By Terry Kanakri
We’ve all heard the saying, ‘You are what you eat!’ It turns out that what you eat not only has an impact on your physical health but also on your mental health.
According to Silvia Delgado, a registered dietician with Kaiser Permanente Southern California, an unhealthy diet rich in carbohydrates, sugar and fatty foods can contribute to or deepen anxiety and depression, as well as promote poor memory and neurological disease such as dementia.
“Diets that promote anxiety or depression include refined starches, sugars and saturated fatty acids,” Delgado said. “Higher intake of saturated fatty acids in young adulthood, as well as later life, are associated with worse cognitive function, memory impairment and increased vulnerability to age-related deficits and neurological diseases, including dementia and Alzheimer’s disease. Sources of saturated fatty acids include butter, ghee, lard, coconut oil, cheese and fatty meats. High saturated fats can potentially alter cognitive function by promoting brain inflammation.”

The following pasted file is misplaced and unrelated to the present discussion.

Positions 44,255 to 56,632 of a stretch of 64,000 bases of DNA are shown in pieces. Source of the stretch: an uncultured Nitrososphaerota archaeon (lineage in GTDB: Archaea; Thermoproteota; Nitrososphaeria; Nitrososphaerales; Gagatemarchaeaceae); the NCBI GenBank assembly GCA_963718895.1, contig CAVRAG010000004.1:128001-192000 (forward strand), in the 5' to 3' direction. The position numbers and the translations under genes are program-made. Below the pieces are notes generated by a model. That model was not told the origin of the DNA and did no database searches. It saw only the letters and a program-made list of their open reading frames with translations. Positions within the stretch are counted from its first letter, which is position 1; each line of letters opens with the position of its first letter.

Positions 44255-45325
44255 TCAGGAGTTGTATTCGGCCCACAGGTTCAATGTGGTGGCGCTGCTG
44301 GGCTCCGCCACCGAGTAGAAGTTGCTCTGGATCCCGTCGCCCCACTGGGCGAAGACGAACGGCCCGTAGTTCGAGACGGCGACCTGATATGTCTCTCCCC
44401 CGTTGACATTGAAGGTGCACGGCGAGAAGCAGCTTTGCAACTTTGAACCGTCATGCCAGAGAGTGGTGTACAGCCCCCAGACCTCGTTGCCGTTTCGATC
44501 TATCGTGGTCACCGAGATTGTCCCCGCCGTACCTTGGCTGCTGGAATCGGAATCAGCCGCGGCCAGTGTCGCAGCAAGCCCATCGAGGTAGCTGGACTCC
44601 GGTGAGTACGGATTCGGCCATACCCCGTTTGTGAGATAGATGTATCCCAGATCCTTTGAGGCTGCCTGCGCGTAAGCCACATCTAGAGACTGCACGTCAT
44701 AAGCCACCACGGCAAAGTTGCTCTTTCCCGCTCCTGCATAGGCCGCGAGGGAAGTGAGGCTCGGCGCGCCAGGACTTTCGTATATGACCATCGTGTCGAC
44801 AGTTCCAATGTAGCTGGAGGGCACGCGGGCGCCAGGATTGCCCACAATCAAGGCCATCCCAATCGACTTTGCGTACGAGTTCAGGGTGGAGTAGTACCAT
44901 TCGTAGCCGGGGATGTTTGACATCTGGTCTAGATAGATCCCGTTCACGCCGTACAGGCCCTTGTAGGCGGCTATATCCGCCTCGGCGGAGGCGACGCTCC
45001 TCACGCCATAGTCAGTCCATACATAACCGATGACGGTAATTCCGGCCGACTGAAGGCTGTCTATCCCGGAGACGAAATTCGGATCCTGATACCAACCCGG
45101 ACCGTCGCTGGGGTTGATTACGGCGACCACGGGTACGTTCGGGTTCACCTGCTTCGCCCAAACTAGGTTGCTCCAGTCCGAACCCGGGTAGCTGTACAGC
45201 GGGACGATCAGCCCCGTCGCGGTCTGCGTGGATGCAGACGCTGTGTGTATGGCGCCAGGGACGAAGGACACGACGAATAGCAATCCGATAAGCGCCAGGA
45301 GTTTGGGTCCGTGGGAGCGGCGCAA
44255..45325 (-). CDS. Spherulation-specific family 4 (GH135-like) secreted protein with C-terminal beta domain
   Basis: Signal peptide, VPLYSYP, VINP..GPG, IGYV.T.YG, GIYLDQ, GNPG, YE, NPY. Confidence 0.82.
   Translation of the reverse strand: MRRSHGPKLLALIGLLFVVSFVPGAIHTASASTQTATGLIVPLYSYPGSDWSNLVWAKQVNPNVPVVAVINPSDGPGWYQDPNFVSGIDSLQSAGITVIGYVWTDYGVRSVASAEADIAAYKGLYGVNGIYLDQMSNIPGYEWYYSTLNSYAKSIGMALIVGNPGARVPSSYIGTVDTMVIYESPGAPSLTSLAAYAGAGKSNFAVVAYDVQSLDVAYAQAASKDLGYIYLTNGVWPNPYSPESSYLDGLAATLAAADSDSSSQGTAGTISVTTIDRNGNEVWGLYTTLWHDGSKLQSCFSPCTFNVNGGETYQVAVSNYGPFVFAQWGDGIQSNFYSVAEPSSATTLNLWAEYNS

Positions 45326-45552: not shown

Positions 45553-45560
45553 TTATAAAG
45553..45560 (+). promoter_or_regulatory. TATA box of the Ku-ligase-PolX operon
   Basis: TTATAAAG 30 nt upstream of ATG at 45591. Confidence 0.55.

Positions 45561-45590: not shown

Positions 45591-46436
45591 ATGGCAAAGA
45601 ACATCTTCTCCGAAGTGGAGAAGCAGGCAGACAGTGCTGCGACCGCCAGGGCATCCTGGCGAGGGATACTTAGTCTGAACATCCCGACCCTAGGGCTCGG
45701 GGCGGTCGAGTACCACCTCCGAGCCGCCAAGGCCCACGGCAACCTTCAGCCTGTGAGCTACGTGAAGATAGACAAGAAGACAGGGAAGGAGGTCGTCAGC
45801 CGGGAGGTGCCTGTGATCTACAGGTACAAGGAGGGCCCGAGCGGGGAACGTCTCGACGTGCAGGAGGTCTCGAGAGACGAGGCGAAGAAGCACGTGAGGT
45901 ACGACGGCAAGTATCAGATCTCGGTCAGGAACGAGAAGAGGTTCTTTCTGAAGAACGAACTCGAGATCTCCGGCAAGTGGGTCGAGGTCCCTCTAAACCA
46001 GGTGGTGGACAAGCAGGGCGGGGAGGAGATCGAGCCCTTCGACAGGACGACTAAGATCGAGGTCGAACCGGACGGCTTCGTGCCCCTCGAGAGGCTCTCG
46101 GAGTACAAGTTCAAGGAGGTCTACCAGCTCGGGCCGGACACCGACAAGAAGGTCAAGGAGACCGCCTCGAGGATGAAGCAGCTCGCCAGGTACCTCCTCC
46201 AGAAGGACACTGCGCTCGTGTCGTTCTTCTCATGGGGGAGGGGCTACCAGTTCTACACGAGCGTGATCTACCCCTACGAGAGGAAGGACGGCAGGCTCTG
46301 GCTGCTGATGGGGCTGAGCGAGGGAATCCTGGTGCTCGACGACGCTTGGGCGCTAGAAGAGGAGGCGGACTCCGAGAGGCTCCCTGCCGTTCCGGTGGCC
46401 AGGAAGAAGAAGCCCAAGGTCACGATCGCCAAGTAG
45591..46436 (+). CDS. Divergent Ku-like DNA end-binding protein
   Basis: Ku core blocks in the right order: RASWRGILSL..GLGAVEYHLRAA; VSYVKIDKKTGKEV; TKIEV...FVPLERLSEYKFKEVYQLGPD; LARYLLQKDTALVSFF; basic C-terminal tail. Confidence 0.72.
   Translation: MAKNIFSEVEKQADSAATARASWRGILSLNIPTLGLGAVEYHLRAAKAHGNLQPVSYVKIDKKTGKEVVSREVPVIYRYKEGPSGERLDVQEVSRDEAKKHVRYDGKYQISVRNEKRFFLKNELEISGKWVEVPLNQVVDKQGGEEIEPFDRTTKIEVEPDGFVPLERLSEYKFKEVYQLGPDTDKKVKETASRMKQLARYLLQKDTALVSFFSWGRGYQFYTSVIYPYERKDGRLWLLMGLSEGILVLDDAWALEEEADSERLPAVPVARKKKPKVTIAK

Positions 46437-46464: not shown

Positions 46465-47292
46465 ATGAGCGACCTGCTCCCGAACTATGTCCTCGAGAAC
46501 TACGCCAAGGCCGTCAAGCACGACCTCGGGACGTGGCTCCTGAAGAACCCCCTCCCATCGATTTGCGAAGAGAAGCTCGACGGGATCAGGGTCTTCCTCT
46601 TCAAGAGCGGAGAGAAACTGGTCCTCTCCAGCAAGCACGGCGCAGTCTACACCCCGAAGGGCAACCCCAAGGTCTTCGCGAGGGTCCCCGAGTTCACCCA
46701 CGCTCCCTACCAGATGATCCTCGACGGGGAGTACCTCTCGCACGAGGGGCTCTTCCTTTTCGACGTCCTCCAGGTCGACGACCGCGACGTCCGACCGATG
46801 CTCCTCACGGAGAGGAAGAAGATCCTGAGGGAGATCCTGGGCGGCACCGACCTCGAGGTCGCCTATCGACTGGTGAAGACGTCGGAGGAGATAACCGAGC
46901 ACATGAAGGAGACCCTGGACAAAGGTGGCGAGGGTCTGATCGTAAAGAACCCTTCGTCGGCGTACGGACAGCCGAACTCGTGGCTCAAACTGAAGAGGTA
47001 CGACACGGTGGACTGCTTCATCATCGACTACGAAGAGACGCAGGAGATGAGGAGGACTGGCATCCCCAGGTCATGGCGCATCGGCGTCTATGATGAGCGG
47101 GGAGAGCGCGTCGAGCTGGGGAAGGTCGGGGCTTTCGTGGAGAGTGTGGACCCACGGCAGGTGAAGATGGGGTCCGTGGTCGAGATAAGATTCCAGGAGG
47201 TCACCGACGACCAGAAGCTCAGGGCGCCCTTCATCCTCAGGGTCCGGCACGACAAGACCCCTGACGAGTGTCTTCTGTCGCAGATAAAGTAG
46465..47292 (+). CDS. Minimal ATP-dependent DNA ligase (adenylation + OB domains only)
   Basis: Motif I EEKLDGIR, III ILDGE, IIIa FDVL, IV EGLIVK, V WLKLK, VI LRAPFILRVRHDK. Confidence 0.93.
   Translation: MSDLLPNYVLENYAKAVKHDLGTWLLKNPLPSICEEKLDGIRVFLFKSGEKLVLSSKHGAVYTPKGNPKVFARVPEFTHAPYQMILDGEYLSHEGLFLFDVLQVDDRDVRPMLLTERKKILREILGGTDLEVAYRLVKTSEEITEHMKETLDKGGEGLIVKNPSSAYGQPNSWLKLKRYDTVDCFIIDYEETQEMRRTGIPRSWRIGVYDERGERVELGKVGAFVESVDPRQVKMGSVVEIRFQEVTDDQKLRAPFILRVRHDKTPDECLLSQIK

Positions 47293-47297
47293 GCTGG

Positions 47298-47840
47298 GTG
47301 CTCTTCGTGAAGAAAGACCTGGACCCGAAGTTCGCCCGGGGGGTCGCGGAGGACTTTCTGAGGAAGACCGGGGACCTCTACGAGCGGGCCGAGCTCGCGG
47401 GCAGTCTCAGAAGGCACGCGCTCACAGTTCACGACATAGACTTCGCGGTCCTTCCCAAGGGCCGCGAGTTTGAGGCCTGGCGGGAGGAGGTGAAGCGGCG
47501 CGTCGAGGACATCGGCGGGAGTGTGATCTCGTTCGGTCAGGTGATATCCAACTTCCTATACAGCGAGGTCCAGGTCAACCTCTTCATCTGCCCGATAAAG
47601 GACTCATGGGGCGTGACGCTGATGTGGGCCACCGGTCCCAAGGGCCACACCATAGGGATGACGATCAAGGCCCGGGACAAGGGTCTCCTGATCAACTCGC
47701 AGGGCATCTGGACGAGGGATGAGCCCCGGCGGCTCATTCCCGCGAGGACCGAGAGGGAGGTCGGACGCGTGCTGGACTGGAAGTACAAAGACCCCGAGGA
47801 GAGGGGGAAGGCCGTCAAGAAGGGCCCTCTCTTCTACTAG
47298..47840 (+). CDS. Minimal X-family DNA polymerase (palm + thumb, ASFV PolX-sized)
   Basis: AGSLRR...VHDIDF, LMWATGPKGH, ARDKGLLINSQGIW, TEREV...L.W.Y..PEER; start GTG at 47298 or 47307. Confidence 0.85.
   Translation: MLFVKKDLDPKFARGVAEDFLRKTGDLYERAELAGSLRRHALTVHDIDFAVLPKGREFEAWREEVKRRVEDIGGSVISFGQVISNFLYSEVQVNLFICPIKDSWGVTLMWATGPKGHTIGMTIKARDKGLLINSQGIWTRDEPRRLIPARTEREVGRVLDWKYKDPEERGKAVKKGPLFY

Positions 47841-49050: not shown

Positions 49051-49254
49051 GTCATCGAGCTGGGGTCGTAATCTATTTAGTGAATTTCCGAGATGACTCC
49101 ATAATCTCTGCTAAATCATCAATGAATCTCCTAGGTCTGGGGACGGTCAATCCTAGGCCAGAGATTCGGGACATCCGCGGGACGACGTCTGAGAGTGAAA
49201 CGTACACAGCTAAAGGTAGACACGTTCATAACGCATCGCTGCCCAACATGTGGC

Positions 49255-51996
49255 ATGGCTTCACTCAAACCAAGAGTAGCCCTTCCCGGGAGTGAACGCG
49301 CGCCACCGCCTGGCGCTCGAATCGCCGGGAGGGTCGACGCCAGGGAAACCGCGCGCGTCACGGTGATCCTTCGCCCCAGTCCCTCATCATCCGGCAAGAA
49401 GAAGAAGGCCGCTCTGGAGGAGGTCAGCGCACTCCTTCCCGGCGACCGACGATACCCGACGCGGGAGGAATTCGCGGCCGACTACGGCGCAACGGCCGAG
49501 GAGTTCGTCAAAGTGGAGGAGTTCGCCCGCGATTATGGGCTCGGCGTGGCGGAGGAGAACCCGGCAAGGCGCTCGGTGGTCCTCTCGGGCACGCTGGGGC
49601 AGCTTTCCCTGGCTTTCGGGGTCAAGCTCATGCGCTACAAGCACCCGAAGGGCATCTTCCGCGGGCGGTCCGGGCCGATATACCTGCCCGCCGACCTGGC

A Western Diet – including consumption of sweetened beverages, refined foods, fried food, processed meat, refined grains, snacks and pastries – has also been associated with an increased risk of depression in studies, Delgado noted.
The Women’s Health Initiative (which studied eating habits of 87,000 postmenopausal women) concluded that a diet progressively higher in dietary glycemic index (such as refined pasta, white rice and white bread) that puts one at risk of developing diabetes was also found to be associated with increased odds of depression. Higher consumption of added sugar was also associated with increased odds of depression.
Delgado noted that a whole food plant-based diet is associated with healthier gut bacteria, and a healthier gut is associated with improved mental health.
About the author: Terry Kanakri is a Senior Media Relations Specialist at Kaiser Permanente Southern California Region.